'Whatever challenge we have thrown up to these guys in big games someone has stood up and played good cricket that's the challenge we face here where we are the underdogs.'
He has no qualms in conceding that England will be underdogs in the upcoming Test series against India but captain Alastair Cook feels that status itself will take a the pressure off his side and make it more competitive in the five-match rubber, starting in Rajkot on November 9.
England are not in the best of form going into the high-profile series, having arrived in India after losing a Test match against minnows Bangladesh inside three days.
World No.1 India have not lost a home series since going down 1-2 in 2012 to the England led by the 31-year-old Cook.
"It's a big challenge. Any time you play the No. 1 or the No. 2 ranked team in their backyard, who are very comfortable in their conditions, it's a huge task for us. It's a huge challenge to these guys who have not played a huge amount of cricket in the subcontinent as a group," said Cook.
"What this side has done over the last couple of years is to exceed expectations in big series. We have played really good cricket in big series. Last year we went to South Africa and won away from home when they were No. 1.
"These are different conditions, but being underdogs takes a lot of pressure off us," said the Lancashire player, who has a superb record against India.
"We have got some big selection calls to make but the process has started like always when you know two games (in Bangladesh) have happened," said Cook, who has scored four centuries and averages over 60 in eight Tests on Indian soil and 54 in 20 Tests overall.
Pointing out the team has regrouped well after its humiliating loss to Bangladesh in the second Test at Dhaka last month, Cook recalled what he had said at a media conference four years ago after his side had lost the series opener in Ahmedabad by a big margin.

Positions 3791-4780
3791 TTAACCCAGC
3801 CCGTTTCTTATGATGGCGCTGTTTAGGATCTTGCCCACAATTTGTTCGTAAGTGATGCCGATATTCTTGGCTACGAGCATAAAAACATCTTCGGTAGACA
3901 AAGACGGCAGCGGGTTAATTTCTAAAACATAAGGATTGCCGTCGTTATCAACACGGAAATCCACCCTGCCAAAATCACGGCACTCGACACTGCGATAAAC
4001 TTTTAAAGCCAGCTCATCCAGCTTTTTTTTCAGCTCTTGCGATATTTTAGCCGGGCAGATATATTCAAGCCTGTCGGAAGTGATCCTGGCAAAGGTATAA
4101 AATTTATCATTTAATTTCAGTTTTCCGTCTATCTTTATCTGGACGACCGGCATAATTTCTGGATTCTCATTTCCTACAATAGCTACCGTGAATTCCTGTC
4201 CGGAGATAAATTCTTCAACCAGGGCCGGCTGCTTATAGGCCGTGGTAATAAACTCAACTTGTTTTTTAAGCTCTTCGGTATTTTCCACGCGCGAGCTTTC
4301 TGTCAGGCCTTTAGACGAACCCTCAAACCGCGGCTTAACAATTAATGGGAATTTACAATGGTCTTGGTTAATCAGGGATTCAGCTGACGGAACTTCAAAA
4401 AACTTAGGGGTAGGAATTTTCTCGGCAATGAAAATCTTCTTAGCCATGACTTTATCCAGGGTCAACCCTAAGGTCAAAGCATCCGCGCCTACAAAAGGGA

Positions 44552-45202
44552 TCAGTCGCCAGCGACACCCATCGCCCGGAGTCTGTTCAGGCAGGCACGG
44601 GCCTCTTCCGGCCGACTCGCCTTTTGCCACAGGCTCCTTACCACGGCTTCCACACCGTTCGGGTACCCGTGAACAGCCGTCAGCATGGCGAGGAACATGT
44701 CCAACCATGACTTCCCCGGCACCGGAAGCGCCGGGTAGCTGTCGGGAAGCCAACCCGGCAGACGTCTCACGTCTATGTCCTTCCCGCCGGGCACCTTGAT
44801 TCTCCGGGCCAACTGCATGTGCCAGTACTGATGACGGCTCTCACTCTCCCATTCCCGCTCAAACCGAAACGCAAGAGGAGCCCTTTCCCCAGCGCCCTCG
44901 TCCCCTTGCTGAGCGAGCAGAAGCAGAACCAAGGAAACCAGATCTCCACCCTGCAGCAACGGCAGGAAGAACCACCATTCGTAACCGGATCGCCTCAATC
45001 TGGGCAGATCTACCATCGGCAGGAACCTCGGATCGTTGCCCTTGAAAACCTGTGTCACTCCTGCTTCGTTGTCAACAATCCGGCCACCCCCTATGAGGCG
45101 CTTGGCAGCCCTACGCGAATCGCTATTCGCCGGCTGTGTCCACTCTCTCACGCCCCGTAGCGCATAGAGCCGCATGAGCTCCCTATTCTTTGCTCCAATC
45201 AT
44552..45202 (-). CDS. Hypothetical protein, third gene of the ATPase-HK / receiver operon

"I remember saying in the press conference after the first Test when talk was India will win 4-0 that we might turn around and win 3-1. Anything is possible.
"Whatever challenge we have thrown up to these guys in big games someone has stood up and played good cricket that's the challenge we face here where we are the underdogs," said the stylish left-handed opener, whose highest Test score of 294 came against India.
Comparing the bowling attack of 2012, that had Graeme Swann and Monty Panesar as the spin options, to the current one, Cook said they have more balance now and can even afford to include six bowlers.
"It's a very different bowling attack. Swaney and Monty, four years ago, were at the peak of their game and Monty did an outstanding job of holding (one end up) in the three Tests he played.
"Unfortunately we don't have that experience, but we have got guys who were successful against India in the past. We have more options in this squad and the balance of the side allows us to have six bowlers," said Cook.
The tourists have four tweakers to choose from in off-spinners Moeen Ali and Gareth Batty, left-arm spinner Zafar Ansari and leg-spinner Adil Rashid.
"We had a good two days. We were training yesterday and trained well today. Yesterday we focused a lot on playing against spin -- 20 to 30 balls (each). These guys are good players," said Cook, indicating where they expected the main threat from India - who have included four spinners in their squad - to come from.
Head coach Trevor Bayliss said it would be a folly to focus only on a few individuals from India such as captain Virat Kohli and premier spinner Ravichandran Ashwin and ignore the rest of the home team members.
"Look, both are very good players. But if we concentrate on just one or two of their players its a wrong way to go about it. They have got more than two good players. We are worried about what we are doing. We have to make sure we bat and bowl well against all the Indian players."
Bayliss was not forthcoming about the likely team combination and said they will have to reach Rajkot, hosting its maiden Test, and take a look at the pitch conditions before taking a call on the playing eleven.
"It's a tough selection call. We have a number of options. But until we get there and see how the wicket is we will not be able to decide on it (team combination). We are not going to make any judgement right now."